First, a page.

The fungicidal activity of amphotericin B (AmB) was quantitated for several Candida species. Candida albicans and C. tropicalis were consistently susceptible to AmB, with less than 1% survivors after 6 h of exposure to AmB. C. parapsilosis and variants of C. lusitaniae and C. guilliermondii were the most resistant, demonstrating 50 to 90% survivors in this time period and as high as 1% survival after a 24-h exposure time. All Candida species were killed (<1% survivors) after 24 h of exposure to AmB. In contrast, overnight exposure to either fluconazole or itraconazole resulted in pronounced increases in resistance to subsequent exposures to AmB. Most dramatically, C. albicans was able to grow in AmB cultures after azole preexposure. Several other Candida species did not grow in AmB but showed little or no reduction in viability after up to 24 h in AmB. Depending on the growth conditions, Candida cells preexposed to azoles may retain AmB resistance for days after the azoles have been removed. If this in vitro antagonism applies to the clinical setting, treatment of patients with certain antifungal combinations may not be beneficial. The ability of some Candida isolates to survive transient exposures to AmB was not reflected in the in vitro susceptibility changes as measured by standard MIC assays. This finding should be considered in studies attempting to correlate patient outcome with in vitro susceptibilities of clinical fungal isolates. Patients who fail to respond to AmB may be infected with isolates that are classified as susceptible by standard in vitro assays but that may be resistant to transient antifungal exposures which may be more relevant in the clinical setting.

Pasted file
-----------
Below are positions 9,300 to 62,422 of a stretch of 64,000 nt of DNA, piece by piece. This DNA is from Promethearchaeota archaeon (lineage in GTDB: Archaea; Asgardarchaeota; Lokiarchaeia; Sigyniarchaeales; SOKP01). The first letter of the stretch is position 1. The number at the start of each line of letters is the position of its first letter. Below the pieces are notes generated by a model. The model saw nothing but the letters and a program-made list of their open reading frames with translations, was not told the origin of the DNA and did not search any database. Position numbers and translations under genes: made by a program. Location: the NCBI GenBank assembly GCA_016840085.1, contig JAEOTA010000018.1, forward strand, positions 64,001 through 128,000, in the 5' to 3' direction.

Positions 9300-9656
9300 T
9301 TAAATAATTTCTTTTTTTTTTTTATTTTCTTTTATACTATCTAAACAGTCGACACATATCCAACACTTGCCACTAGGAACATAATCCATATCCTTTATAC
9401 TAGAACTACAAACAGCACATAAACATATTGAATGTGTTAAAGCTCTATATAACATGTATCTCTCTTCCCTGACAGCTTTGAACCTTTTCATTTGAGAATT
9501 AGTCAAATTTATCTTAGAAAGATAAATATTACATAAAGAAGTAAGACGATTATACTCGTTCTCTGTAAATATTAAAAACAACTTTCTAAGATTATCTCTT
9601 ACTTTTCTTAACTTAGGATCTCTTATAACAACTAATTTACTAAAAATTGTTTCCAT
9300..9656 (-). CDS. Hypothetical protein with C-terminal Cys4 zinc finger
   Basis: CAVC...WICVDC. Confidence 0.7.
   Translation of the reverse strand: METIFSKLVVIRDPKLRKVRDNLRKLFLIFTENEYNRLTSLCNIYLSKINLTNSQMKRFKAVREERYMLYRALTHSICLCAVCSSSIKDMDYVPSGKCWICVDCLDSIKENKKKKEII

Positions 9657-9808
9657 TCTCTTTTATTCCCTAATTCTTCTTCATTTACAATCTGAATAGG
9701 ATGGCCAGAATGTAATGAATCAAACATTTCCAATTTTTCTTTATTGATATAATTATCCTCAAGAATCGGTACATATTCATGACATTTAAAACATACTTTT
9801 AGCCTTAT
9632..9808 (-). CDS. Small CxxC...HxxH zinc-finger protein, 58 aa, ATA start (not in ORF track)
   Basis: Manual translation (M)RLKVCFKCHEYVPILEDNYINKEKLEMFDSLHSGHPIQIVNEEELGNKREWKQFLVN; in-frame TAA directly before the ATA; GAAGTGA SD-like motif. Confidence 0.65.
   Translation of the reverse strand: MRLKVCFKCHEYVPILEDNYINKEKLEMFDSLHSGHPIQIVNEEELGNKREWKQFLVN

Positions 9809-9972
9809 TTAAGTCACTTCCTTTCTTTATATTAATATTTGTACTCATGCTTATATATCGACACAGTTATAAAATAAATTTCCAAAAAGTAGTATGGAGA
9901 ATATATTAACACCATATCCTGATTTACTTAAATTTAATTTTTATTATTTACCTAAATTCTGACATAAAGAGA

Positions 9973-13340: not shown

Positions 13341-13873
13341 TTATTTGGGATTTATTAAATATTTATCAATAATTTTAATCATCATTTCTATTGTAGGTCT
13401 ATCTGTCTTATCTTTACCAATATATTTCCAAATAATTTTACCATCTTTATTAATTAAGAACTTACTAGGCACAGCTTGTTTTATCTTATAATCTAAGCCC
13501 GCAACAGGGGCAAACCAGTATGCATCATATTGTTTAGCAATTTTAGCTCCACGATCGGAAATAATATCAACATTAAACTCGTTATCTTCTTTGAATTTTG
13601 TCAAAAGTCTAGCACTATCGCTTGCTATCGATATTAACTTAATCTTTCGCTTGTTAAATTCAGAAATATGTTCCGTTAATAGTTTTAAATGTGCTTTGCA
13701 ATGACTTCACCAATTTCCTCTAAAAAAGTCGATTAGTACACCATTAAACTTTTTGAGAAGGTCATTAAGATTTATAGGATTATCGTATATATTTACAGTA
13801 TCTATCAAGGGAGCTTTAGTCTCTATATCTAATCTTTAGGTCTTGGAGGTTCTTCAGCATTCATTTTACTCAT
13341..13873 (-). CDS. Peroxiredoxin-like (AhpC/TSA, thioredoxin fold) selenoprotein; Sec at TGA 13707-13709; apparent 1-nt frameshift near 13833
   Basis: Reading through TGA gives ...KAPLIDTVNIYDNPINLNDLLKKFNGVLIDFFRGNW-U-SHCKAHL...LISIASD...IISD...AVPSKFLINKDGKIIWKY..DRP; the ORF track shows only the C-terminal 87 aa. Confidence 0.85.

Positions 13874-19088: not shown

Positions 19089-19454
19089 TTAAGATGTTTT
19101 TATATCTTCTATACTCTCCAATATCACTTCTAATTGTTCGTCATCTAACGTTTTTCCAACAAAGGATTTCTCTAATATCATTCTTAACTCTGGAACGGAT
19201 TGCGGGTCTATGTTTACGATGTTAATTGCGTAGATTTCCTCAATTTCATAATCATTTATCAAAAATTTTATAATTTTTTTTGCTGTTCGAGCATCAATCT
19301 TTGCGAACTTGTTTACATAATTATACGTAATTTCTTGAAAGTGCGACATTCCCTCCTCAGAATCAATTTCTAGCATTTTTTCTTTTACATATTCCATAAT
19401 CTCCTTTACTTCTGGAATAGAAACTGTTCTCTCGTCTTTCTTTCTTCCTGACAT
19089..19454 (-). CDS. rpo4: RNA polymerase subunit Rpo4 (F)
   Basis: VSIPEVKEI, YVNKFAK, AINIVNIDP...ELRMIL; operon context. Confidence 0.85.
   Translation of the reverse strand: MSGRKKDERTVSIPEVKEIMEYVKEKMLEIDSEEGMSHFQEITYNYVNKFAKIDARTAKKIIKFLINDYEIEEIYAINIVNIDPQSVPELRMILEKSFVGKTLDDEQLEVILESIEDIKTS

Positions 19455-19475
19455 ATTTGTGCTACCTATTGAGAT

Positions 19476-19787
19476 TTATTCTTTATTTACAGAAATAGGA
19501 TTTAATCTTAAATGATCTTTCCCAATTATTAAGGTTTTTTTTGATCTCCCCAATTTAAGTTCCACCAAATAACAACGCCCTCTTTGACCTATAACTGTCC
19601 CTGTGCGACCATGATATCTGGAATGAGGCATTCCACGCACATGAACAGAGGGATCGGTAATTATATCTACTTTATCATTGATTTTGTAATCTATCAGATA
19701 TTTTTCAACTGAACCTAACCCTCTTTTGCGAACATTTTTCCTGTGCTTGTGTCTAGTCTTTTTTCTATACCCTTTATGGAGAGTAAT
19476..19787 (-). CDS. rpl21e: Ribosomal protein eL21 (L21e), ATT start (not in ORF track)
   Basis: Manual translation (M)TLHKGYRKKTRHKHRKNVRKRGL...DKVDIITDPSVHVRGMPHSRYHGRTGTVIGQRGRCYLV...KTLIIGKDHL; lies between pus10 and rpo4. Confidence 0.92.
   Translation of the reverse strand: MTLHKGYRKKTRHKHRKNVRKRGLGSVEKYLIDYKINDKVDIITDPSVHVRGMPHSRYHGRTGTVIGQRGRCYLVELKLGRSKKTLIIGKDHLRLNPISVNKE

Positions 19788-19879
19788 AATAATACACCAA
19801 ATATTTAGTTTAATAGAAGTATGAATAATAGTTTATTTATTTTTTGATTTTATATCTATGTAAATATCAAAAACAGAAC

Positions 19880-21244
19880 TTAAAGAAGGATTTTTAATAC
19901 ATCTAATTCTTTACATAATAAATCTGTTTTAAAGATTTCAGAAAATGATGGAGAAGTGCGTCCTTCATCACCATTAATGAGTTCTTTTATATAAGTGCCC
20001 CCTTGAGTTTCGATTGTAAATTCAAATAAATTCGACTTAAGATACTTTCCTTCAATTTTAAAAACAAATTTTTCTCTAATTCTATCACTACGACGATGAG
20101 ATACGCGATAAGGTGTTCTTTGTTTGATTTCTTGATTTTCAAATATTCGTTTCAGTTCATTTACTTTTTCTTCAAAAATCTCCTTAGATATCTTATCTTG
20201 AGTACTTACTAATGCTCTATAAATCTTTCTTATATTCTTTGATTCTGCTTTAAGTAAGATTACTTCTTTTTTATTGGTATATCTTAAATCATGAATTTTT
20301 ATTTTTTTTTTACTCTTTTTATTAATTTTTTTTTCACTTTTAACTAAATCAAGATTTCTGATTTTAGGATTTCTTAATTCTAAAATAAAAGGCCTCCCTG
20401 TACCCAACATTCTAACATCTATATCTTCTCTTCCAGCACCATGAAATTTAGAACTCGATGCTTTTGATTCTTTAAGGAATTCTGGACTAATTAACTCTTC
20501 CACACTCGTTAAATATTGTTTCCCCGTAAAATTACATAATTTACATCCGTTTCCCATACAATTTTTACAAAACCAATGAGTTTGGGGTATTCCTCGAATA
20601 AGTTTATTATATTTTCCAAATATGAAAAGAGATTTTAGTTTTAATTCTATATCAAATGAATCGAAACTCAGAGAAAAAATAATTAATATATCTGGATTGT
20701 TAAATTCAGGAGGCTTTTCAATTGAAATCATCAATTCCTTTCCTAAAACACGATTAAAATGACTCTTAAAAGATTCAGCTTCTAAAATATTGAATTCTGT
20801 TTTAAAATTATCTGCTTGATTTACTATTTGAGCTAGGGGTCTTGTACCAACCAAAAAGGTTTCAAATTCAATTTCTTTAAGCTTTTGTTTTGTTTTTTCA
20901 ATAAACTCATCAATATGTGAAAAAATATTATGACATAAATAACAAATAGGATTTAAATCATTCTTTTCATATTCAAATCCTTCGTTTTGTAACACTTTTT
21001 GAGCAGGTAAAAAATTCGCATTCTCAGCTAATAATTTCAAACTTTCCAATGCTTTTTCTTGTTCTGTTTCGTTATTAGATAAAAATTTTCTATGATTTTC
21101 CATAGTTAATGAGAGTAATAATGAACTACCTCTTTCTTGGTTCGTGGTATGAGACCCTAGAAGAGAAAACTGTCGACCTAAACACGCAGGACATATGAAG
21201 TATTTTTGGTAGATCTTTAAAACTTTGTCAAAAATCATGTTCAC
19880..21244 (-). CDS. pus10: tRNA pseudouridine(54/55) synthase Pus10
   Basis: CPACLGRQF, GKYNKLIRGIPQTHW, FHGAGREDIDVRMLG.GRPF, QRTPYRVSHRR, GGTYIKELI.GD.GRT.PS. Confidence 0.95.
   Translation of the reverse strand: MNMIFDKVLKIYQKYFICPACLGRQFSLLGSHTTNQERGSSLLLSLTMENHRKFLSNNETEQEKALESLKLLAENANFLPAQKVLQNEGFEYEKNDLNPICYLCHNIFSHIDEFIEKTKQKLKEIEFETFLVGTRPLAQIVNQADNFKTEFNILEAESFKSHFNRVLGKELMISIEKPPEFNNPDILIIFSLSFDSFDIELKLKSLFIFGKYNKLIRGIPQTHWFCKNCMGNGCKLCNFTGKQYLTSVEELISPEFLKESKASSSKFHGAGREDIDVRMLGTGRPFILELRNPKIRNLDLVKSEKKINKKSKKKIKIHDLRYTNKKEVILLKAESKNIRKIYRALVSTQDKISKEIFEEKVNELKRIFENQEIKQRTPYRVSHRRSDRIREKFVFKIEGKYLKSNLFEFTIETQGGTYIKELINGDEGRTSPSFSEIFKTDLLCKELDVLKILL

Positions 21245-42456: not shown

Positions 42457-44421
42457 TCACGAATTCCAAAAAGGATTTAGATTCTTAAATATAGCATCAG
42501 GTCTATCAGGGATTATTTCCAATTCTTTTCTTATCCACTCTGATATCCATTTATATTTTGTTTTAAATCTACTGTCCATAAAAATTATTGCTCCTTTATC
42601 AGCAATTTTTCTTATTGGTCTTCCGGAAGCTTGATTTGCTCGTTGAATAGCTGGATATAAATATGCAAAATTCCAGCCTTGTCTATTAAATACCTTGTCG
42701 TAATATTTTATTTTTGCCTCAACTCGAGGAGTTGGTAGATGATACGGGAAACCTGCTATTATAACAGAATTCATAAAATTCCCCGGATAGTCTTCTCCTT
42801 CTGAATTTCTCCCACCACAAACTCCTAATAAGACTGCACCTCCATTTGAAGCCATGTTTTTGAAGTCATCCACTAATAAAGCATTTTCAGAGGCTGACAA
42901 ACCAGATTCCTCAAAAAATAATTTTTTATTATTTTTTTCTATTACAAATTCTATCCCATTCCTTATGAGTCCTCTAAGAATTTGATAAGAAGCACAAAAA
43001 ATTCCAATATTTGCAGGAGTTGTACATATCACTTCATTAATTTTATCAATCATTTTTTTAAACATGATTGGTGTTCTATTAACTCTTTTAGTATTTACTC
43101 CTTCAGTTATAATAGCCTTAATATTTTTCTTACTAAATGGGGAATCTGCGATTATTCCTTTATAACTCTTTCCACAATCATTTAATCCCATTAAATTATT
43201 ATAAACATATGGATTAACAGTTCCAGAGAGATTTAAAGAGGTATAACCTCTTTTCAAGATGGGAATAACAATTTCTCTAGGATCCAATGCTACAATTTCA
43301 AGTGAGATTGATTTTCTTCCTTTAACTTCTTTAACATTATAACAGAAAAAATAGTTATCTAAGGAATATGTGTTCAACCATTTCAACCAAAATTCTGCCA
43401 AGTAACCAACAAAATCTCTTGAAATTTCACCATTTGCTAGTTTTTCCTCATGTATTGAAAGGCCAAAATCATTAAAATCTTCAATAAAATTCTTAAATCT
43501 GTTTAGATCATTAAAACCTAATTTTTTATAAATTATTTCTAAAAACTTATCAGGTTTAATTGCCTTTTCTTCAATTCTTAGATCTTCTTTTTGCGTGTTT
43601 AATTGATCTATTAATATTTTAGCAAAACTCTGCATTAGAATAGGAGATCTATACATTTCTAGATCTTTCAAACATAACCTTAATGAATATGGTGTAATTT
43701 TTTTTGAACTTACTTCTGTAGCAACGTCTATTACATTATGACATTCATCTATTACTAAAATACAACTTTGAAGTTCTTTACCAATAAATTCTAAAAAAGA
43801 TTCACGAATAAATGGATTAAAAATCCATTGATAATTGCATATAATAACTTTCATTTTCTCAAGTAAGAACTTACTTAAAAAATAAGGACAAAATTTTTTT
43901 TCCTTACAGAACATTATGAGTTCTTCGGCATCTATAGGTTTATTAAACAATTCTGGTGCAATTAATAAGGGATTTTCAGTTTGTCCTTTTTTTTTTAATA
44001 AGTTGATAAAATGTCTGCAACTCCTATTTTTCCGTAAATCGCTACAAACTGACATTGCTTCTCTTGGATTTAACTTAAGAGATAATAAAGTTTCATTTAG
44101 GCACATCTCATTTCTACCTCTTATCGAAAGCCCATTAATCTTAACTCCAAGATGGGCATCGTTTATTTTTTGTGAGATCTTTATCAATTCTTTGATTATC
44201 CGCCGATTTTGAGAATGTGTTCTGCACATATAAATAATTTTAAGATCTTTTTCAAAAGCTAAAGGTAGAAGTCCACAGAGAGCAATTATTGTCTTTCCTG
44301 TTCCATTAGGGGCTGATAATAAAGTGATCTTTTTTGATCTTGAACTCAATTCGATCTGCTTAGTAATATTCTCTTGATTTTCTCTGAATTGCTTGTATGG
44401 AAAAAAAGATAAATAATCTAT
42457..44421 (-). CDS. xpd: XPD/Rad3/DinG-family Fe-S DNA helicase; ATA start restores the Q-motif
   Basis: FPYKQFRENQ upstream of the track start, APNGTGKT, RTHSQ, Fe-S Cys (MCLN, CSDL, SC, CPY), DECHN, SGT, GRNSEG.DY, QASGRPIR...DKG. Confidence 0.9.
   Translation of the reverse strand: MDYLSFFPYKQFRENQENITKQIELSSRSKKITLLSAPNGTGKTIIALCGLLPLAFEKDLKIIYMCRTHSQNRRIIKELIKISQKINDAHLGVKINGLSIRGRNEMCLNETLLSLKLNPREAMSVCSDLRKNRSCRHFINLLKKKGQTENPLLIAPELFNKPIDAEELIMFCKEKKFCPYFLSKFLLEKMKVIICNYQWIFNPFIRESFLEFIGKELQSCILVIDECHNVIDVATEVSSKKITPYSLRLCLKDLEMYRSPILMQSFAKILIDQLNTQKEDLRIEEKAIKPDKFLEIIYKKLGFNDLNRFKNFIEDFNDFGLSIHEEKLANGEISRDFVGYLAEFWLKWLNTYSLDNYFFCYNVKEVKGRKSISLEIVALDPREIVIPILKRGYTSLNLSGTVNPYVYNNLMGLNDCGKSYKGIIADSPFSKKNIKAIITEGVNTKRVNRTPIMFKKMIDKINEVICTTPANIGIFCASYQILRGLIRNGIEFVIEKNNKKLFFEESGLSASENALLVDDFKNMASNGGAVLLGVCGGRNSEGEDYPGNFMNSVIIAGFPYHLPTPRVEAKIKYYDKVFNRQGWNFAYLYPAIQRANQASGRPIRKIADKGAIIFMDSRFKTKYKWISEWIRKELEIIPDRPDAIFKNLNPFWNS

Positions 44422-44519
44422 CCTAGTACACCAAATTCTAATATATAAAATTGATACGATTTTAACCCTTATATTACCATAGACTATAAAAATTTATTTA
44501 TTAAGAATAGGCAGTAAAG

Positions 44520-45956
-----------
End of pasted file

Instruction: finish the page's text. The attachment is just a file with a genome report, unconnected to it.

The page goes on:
ASJC Scopus subject areas
- Microbiology (medical)